The second patient death in four years involving “alarm fatigue’’ at UMass Memorial Medical Center has pushed the hospital to intensify efforts to prevent nurses from tuning out monitor warning alarms.
Nurses exposed to a cacophony of beeps may no longer hear them or begin to ignore them, and that’s what appears to have happened in the latest case: A 60-year-old man died in an intensive care unit after alarms signaling a fast heart rate and potential breathing problems went unanswered for nearly an hour, according to state investigators who reviewed records at the hospital.
The death occurred in August 2010 but was not reported to the state Department of Public Health until this spring. The state cited various violations by the hospital, including not responding to alarms “in a timely manner.’’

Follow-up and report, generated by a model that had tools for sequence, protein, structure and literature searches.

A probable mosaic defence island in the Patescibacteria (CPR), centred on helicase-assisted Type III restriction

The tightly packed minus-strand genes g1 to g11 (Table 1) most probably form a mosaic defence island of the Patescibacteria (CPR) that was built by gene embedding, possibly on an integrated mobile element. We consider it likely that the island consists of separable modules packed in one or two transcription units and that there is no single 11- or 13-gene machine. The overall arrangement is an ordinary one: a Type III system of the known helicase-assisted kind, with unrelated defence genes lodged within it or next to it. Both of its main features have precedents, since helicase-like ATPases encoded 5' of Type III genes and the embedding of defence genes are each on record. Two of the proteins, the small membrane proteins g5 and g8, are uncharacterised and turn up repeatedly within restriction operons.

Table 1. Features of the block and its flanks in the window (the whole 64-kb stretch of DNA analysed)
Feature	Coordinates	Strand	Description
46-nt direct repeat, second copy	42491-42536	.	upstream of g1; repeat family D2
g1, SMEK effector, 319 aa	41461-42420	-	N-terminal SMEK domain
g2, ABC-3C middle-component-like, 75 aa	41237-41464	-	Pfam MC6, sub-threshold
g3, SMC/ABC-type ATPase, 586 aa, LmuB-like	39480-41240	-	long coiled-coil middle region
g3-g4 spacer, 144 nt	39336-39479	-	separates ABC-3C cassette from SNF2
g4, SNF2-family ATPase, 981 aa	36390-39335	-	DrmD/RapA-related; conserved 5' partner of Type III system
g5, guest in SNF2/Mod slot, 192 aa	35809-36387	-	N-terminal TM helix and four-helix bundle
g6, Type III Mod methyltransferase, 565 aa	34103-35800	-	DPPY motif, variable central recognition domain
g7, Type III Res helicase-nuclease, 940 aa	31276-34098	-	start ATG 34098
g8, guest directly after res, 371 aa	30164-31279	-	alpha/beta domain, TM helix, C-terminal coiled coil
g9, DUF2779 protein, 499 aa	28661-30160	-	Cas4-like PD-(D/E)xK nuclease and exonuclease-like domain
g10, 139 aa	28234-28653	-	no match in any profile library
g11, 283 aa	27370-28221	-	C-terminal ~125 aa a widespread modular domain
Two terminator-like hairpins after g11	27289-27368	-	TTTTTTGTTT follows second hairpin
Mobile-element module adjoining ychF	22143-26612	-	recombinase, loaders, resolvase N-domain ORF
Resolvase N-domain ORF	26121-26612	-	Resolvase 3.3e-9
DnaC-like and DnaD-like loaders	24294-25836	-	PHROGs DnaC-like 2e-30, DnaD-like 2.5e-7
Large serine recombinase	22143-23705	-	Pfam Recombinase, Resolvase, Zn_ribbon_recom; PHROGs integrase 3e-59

The fatality was remarkably similar to another at the Worcester teaching hospital four years ago, when nurses didn’t hear or ignored alarms indicating that the battery on an elderly woman’s monitor needed to be replaced. After the battery failed, 77-year-old Madeline Warner suffered cardiac arrest and the alarm didn’t sound.
Warner’s death in 2007 led the hospital to adopt aggressive measures to improve nurses’ responses and tackle alarm fatigue, which can occur when nurses hear alarms - many of them false - all day long. But the new death shows the problem continues, as it does at hospitals nationwide. It has led to at least 200 patient deaths since 2005 and likely hundreds more, according to a Globe investigation published earlier this year.
“I don’t think any hospital has fully solved this problem,’’ said Maria Cvach, an assistant director of nursing at Johns Hopkins Hospital in Baltimore and a specialists on alarm fatigue. At Hopkins, which is known for its intense focus on reducing false alarms and alarm fatigue, Cvach said she still sees nurses “not hearing or not answering alarms’’ because “they go off all the time.’’